An Extract from:


A micro-autobiography, constructed in real-time, all events actually occurring

over the weekend in which the story was simultaneously written


 by Dennison Smith


My mother-in-law phoned to say, ‘Tomorrow's your birthday! How are you celebrating? How are you getting on without Matthew? When is he back? What is he doing? How is he? How are you?’ 

            ‘I don't know,’ I said, answering any one of her questions. Floored by an unexpected wave of nausea, I lay down on my bed. The room kept swinging. My cat climbed onto my breasts and brought up a fur ball. ‘I have to go,’ I said. My birthday is today not tomorrow.

            How am I? I ask that too sometimes.

            Yesterday, the front door didn’t open when I punched in the code on the keypad. I was stranded in what the weathermen call mixed precipitation, or indecipherably foul weather. When I found the two keys hidden in the garden, one by the electricity meter and the other under a pot, the first appeared to be a car key, and neither fit the door. So, being thin and light, I stood on the slush-covered plastic pots in which annuals were transported to my garden only to languish in the shade all summer and die in the fickle temperate zone when an arctic wind swept down on the city of Toronto. Though I'd break my ankle if the pots collapsed, they gave me the leg-up I needed to crawl in the kitchen window. I threw my gloves, my umbrella, and my scarf past the stove, to the floor. My ribs rubbed along the burners, and I jostled a knob with my hip, and heard the gas pour out. My knee landed in the wok. The dregs of a slimy okra stir-fry, which my husband had cooked before his departing, oozed through my stockings.

            Safely inside, I found the front door bolted from within. Holding my umbrella and staring at the lock, I started to call ‘Honey’ up the stairs, but I never got past the Ho. No sign of my husband's boots in the hallway. I had seen him drive away that morning, and he was by now either in a monastery in St. Benoit du Lac, researching whatever he researches, or paying for a lap dance off the highway. But whatever my husband was doing, there was somebody in my house.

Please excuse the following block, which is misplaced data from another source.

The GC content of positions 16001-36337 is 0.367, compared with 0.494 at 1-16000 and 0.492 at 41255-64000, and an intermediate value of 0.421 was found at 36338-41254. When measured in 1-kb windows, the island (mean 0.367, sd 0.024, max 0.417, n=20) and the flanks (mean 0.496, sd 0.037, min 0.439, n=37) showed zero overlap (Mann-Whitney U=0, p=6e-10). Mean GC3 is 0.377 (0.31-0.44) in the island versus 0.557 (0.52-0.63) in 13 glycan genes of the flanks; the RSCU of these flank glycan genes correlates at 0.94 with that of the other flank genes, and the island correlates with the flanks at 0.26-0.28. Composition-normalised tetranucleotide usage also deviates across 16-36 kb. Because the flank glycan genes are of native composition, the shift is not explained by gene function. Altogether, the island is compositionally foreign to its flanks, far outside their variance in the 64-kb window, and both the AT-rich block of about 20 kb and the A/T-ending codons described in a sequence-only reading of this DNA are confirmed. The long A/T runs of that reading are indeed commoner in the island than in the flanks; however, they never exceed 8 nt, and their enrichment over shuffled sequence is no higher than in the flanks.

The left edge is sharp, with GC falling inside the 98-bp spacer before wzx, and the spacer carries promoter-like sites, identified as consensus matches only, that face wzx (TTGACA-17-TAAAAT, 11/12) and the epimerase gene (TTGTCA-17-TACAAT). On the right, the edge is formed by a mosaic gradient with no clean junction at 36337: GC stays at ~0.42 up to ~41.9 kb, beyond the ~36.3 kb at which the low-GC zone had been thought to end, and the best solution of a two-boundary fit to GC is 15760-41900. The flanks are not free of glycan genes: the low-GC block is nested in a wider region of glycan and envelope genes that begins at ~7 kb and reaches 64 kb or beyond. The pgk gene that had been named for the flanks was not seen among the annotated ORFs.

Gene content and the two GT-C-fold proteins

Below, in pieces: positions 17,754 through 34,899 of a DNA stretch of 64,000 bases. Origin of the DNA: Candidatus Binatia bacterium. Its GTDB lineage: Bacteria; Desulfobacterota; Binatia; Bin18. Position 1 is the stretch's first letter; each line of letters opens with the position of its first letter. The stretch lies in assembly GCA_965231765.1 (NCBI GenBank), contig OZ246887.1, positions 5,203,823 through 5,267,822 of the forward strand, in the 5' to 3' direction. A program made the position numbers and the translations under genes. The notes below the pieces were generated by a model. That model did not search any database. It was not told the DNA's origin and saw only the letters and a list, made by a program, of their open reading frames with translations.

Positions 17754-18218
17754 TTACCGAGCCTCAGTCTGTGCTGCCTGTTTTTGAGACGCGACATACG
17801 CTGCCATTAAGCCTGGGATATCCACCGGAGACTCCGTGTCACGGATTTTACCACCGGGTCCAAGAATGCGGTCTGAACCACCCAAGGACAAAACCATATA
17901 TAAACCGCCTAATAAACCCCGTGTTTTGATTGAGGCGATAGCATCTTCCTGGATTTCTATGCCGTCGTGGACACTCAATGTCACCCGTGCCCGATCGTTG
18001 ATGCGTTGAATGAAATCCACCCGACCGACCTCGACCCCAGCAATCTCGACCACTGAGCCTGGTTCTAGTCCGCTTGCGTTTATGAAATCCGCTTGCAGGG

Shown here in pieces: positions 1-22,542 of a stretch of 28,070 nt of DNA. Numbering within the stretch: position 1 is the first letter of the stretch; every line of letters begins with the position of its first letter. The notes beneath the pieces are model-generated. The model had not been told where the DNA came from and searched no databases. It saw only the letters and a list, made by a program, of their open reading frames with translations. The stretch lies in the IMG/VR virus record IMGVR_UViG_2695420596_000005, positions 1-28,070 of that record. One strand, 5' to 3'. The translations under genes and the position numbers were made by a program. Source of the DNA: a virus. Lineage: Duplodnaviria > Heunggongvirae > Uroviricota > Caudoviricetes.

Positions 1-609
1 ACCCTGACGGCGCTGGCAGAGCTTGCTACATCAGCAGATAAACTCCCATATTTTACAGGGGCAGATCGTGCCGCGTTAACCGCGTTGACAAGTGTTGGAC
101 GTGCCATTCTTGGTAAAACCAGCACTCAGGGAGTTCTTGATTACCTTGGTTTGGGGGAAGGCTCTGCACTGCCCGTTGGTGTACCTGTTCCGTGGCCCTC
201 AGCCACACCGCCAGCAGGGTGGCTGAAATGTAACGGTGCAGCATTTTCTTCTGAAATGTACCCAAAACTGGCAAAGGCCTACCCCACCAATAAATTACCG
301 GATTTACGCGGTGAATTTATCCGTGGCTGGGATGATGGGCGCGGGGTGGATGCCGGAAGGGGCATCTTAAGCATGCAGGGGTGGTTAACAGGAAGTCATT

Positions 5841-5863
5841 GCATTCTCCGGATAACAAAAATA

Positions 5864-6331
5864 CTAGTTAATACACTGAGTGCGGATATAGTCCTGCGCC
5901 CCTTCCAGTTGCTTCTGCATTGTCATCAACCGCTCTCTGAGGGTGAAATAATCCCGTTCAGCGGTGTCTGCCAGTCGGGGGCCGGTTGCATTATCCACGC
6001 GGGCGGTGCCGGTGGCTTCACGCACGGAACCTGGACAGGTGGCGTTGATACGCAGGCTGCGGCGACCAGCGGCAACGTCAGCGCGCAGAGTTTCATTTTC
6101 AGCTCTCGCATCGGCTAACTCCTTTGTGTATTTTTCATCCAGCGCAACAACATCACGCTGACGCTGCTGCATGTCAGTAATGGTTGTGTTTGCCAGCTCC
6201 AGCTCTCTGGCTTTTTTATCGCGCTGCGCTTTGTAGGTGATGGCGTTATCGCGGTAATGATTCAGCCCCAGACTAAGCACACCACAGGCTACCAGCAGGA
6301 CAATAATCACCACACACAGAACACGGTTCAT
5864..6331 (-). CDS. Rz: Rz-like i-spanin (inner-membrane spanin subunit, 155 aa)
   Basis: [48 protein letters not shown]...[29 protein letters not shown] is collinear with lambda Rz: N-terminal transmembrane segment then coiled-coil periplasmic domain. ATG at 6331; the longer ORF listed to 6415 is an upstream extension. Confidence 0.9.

According to the society that offers walking tours every Halloween, there are several haunted houses in my neighborhood, but mine isn't on the list. Though the Victorians built it as a doll's house factory (and though I am doll-phobic), now modernized, there’s no dusty corner for even a Barbie to haunt. The house is long, low, thin and open-planned with a row of large windows and French doors, on the street side, overlooking a bricked yard with a high bamboo fence.

            I came to the obvious conclusion that I was being robbed, and leading with the tip of my black umbrella, I climbed the stairs to face the man. I'm prejudiced enough to assume all criminals are men, but on the third floor I found a mousy-haired bony thing, squinting through her bangs. Clutching her phone, she was hiding behind a pile of books in my husband's office.

            She was, she said, one of Matthew’s students – notably, she didn't call him Professor –  and he had given her the code to let herself into the house. ‘To do energy-exchange,’ she stammered. ‘Work-exchange,’ she added, clearly afraid I'd get the wrong idea. Then, as if she thought the dead Sanskrit language could prompt me to lay down my umbrella, she whimpered, ‘Karma yoga?’ Alone and uneasy in a strange house, she had bolted the front door. She'd been on the verge of calling the police on the intruder ascending the stairs. Strangely, she told me all of this before asking me, ‘Who are you?’ She hadn't known there was a wife.